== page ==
Land Dispute Resolution: Supreme Court Decision in State of Manipur v. Landowner

In a significant legal battle between the State of Manipur and a landowner, the Supreme Court has made a decisive judgment on the resolution of a land dispute. The case delves into possession rights and the execution of court decrees, highlighting the complexities of legal proceedings post-decree. Let’s explore the details and implications of the State of Manipur v. Landowner case.


  • The appellants filed an application for condonation of delay of 312 days in preferring the Regular First Appeal.
  • The delay was attributed to a bonafide mistake in filing the appeal before the wrong forum, i.e., the learned District Judge, Imphal West.
  • The Court refused to entertain the appeal citing lack of pecuniary jurisdiction.
  • A Judl.Misc. Case No 32 of 2017 was disposed of by the learned District Judge on 28.07.2017, allowing the appellant to file the appeal before the High Court of Manipur.
  • The High Court judge found that the delay was not adequately explained for all the days, specifically between 18.07.2016 and 15.06.2017.
  • Based on this, the condonation application was rejected by the High Court.
  • The appellant spent 44 days in the wrong forum before filing the Regular First Appeal.
  • The Regular First Appeal was not entertained on merits.

Also Read: Challenging Minimum Qualifying Marks in Viva Voce Test: Abhimeet Sinha vs. Bihar and Gujarat Judicial Services


  • The contention of the respondent is strongly refuted by the learned counsel for the appellants.
  • Both learned counsels for the appellant-State of Manipur and the respondent have been heard.
  • The learned counsel for the respondent argues that execution proceedings were concluded on 11.07.2018 after the decree, implying that nothing remains to be considered in the RFA on merits as possession of the land was handed over to the respondent-plaintiff.
  • The State of Manipur and other defendants are still in possession of the disputed land.
  • This is even after the decree and execution proceedings.
  • The possession of the disputed land by the defendants has not been affected by the legal processes.
  • The decree has not been effectively executed to transfer possession to the petitioner.

Also Read: Avitel Post Studioz Ltd. v. HSBC: Enforcement of Foreign Arbitral Award


  • The Court emphasized that the standards of the ‘sufficient cause’ test should not be applied leniently in this case.
  • Bureaucratic delay and slow decision-making by the government were noted by the Court and should have been taken into consideration while concluding the case.
  • The Court highlighted the importance of not condoning delays in appeals filed by the State, even if the law of limitation may harshly impact the party involved.
  • The impersonal nature of the Government’s functioning was cited as a reason for individual officers failing to act responsibly, leading to institutional injustice if appeals are lost due to such defaults.
  • In the case against the State of Manipur, the Director General of Police, and the Commandant of 8 battalion of the Manipur rifles, the appellants were directed to vacate certain land designated as strategically important.
  • A legal forum was deemed necessary for the appellants to challenge the decree obtained by the plaintiff from the Civil Judge in OS no. 4 of 2015.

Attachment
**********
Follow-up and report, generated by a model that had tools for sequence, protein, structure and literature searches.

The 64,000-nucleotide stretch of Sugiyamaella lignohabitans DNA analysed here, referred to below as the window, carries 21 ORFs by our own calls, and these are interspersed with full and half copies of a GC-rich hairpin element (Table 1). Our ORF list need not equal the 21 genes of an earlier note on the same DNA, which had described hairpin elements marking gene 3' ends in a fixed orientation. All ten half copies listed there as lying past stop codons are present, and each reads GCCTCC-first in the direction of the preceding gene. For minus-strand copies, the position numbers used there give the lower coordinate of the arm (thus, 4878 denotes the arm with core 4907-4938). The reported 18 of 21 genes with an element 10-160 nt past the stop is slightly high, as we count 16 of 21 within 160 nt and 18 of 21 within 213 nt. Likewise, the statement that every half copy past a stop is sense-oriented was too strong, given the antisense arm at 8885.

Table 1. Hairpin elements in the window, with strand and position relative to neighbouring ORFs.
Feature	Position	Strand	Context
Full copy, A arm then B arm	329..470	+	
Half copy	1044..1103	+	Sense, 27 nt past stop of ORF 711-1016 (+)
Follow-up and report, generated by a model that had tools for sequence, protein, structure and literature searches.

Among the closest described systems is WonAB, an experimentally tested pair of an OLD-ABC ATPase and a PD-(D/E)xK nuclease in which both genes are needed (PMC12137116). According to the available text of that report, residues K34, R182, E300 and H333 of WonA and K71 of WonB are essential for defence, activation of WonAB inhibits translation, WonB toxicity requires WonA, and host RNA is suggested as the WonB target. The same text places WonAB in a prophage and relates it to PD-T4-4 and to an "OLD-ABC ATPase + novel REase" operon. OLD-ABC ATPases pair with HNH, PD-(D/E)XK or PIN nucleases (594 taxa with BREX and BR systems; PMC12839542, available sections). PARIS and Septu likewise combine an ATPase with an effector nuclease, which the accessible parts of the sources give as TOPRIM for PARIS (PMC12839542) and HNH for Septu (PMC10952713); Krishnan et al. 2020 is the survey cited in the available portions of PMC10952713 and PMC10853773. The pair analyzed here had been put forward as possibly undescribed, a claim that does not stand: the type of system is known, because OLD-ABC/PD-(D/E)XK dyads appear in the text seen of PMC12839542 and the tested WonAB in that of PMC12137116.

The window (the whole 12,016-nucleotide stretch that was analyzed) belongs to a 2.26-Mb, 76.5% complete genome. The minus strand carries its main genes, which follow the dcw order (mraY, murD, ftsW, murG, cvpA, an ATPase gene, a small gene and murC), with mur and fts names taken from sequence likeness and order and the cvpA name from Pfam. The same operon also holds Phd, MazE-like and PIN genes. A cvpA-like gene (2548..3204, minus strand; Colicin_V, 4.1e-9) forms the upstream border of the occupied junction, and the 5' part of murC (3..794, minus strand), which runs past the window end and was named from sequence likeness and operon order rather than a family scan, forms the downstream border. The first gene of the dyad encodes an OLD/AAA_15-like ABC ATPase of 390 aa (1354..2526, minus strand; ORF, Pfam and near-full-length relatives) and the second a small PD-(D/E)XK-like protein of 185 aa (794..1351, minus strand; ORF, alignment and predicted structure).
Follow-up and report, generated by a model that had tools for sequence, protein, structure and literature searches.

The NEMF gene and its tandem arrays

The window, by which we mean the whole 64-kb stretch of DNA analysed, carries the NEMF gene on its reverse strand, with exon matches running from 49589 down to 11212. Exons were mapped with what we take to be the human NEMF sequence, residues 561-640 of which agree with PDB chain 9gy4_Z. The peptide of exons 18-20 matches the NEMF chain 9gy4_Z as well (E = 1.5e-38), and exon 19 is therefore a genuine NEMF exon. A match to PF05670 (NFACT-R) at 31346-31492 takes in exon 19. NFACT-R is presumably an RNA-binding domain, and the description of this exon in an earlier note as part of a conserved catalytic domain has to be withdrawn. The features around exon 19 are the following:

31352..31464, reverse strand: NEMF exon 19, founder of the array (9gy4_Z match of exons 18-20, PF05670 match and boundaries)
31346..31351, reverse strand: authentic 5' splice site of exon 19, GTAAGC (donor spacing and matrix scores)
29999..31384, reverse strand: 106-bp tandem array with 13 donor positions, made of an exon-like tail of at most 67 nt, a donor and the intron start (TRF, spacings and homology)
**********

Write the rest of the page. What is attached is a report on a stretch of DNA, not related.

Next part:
• The delay of 44 days in approaching the wrong court was highlighted in the analysis.
  • The refusal by the High Court to condone the delay of 312 days in the RFA preferred by the State of Manipur and others was discussed, emphasizing the lack of satisfactory explanation for the delayed appeal filing.
  • The State’s failure to provide a valid explanation for the time lapse between July 18, 2016, and June 15, 2017, in filing the appeal before the District Judge (wrong forum) was noted by the Court.
  • The failure of the State to adequately explain the remaining period of delay has led to the interest of justice being better served by allowing the appellants’ challenge to the Trial Court’s decree to be examined on merit by the first Appellate Court.
  • If the Defendant’s RFA is not permitted to be examined by the Appellate Court, the State will not have an opportunity to address their grievances before a higher Court.
  • In cases involving strategically sensitive matters such as security, the consideration of the RFA is crucial to avoid potential harm to public interest.
  • In the interest of justice and considering the special circumstances of the case, it is appropriate to exercise jurisdiction under Article 136 of the Constitution of India and interfere with the impugned order of the High Court of Manipur.

Also Read: Insurance Claim Repudiation due to Fire Incident: Court’s Legal Analysis


  • The issue of possession and finalization of execution proceedings is subject to the final decision of the High Court in the RFA No 5 of 2017.
  • The Executing Court is directed to refund the sum of Rs. 15,00,000/- along with accrued interest deposited by the appellant-State of Manipur pursuant to the order dated 29.11.2018.
  • The appeal is allowed, and the delay in filing the first appeal is condoned.
  • The First Appeal should be considered on merit instead of the State being non-suited due to the delay.
  • The appellants are directed to pay costs of Rs. 50,000/- in the High Court.
  • The Regular First Appeal preferred by the appellants is to be restored and considered on its own merits.


Case Number: C.A. No.-008298-008298 / 2019

Click here to read/download original judgement

Leave a Reply

Your email address will not be published. Required fields are marked *